In the modern world, we tend to think of ourselves as pretty good partiers. The truth is, we’re amateurs compared to some people throughout history. In many societies, life was hard and to keep people from going crazy, certain times of year were designated as times to let loose, go nuts, and party it up. It is what historians call a safety valve – a way to release all the social pressures that build up in society during the year.
Perhaps the most famous of these events is Carnival, and perhaps the most famous example of Carnival is found in Brazil. Brazil’s Carnival is a roughly week-long party, ending on Ash Wednesday, a Christian holiday that denotes the beginning of Lent. It’s a big deal to many people, and a piece of their heritage.
The Brazilian Carnival is inspired by the Portuguese tradition of celebrating life prior to the beginning of the solemn period of Lent which involves abstinence from the luxuries of life and strict adherence to spiritual and religious principles involving prayers, penance, charity, and repentance. The carnival celebrations thus date back to the early 19th Century when the Portuguese settlers in the country would indulge in food, drinks, dancing, singing, and parading before Lent. By the late 19th Century, the celebrations became more widespread and large-scale street performances and parades began to be arranged, drawing large crowds to enjoy the festivities. Since then, there has been no looking back and today the Brazilian Carnival earns the country huge income from tourist revenue.
The Brazilian Carnival offer unique flavors at the different regions where it is celebrated. The most popular celebrations are held in the city of Rio de Janeiro. The parades are the major attraction of the festival. These parades are primarily organized by the city’s Samba schools and is held at “Sambódromo”, a purpose-built stadium constructed specially to host the annual parade.
But many neighborhoods in the city has its own parade as well, the “blocos”, involving participants dressed up in costumes, with lots of music and dance.
In Bahia, the carnival is heavily influenced by African culture and incorporates traditional African music like reggae with Brazilian samba. In Pernambuco, the Carnival is again associated with an African influence. The carnival at Pernambuco’s capital of Recife is considered to be one of the biggest carnival parades in the world. In São Paulo, similar to Rio, samba schools compete against each other and present different themes related to the history, culture, and politics of the region. Other places in Brazil like Vitória, Minas Gerais, and Manaus also celebrate the Carnival in their own unique ways.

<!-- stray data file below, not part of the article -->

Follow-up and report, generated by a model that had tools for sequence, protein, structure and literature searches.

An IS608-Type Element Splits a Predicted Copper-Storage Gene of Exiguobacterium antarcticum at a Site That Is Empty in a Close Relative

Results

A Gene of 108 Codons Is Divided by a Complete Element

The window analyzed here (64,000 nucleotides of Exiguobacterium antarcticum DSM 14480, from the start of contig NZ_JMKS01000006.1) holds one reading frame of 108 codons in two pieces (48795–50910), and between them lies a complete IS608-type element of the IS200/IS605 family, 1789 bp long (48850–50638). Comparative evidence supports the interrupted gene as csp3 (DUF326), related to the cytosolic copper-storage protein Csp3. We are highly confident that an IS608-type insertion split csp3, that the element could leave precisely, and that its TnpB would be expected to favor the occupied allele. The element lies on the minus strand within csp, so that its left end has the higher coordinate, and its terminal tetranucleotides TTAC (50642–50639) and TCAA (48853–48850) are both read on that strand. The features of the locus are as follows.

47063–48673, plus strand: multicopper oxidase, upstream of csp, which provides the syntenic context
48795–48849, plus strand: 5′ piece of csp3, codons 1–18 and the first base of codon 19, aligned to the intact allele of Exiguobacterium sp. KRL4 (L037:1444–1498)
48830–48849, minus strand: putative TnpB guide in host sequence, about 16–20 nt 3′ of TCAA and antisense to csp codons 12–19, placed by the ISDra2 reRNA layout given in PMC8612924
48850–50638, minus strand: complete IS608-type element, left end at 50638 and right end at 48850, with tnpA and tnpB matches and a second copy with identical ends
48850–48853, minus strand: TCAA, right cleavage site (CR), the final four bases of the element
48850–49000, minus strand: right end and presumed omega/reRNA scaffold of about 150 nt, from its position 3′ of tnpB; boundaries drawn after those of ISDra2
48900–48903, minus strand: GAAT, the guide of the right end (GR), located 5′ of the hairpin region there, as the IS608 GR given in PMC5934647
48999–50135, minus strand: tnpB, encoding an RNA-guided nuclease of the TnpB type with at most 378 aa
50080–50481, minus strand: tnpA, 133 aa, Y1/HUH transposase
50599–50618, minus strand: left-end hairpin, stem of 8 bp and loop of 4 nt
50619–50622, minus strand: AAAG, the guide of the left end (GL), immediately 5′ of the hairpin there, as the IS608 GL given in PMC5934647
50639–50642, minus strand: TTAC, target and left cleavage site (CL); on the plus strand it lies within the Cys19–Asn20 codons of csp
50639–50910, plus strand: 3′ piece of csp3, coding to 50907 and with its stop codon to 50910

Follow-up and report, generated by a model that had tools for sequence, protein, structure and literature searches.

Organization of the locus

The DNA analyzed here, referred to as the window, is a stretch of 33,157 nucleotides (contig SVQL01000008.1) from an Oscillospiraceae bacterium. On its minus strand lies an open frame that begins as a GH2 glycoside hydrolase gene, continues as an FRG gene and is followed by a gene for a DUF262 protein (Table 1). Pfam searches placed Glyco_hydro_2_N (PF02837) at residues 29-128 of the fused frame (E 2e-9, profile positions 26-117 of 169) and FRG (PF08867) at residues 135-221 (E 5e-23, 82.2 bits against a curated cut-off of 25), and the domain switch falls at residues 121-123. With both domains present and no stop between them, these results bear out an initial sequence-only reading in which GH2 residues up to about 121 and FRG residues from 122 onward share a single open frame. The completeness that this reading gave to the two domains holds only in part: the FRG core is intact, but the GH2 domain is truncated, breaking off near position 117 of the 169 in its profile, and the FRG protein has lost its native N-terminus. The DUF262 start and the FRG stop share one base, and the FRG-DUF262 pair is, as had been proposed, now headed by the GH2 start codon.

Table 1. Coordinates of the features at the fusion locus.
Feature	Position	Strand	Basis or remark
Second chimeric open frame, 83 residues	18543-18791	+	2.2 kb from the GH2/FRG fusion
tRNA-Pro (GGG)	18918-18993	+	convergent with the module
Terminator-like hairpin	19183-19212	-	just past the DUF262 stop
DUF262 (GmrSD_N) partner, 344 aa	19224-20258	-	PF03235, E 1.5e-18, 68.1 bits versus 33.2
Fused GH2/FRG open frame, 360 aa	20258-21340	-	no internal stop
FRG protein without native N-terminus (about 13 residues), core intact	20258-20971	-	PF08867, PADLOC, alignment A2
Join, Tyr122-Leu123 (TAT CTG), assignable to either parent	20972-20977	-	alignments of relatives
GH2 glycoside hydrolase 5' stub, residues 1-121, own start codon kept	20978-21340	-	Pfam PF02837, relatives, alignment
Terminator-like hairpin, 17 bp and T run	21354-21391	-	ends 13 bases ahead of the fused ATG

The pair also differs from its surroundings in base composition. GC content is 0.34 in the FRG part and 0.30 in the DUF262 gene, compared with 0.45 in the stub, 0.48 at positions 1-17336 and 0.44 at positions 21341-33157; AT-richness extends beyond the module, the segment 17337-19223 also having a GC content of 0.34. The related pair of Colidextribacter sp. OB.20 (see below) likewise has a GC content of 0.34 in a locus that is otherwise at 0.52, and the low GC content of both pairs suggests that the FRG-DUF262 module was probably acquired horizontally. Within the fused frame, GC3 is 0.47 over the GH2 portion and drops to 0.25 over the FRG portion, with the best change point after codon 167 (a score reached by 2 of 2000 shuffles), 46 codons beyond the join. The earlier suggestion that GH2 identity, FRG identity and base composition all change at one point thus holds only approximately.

Over the years, the Brazilian Carnival has been highly popularized and currently draws crowds from all corners of the globe to Brazil each year. The greatest volume of crowd arrives at Rio de Janeiro, also known as the “Carnival Capital of the World”. Every year, an average of around 500,000 international tourists arrive at Rio to participate and witness its colorful Carnival celebrations. Other parts of Brazil celebrating the carnival also receives a huge volume of tourists. In 2015, the number of tourists attending the Rio’s Carnival skyrocketed to 977,000 and earned the city a revenue of $782 million USD. São Paulo also hosted nearly a million visitors during its carnival period in 2015. Other sites in Brazil hosting the Brazil Carnival also receive significant tourist footfall during the carnival days accompanied with huge income from tourist revenue.
Check it out some interesting facts about our carnival:
• Rio’s Carnival is registered on the Guiness Book as the biggest carnival in the world.
• It is not a secret that Brazilian people love beer but during the carnival this love is even bigger: 10 million liters of beer are consumed every year in Salvador only during the event.
• There are more than 2 million people on the streets every day during the carnival in Rio.
• Although Carnival is Brazil’s most important festival the biggest celebrations are held in Rio, São Paulo, Salvador, Recife, Olinda and Manaus.
• One of the greatest things about Carnival is that those taking part in the Samba Parade are often from the local communities such as the favelas (slums). They practice and make their costumes and floats all year. Each area has their own samba school and they compete against their local rivals in the carnival.
• Held in the Sambódromo, the schools are judged on their elaborate floats, costumes, dancing and music. This is a very important competition and some schools spent over 4 million dollars on outfits and preparations.
Source: World Atlas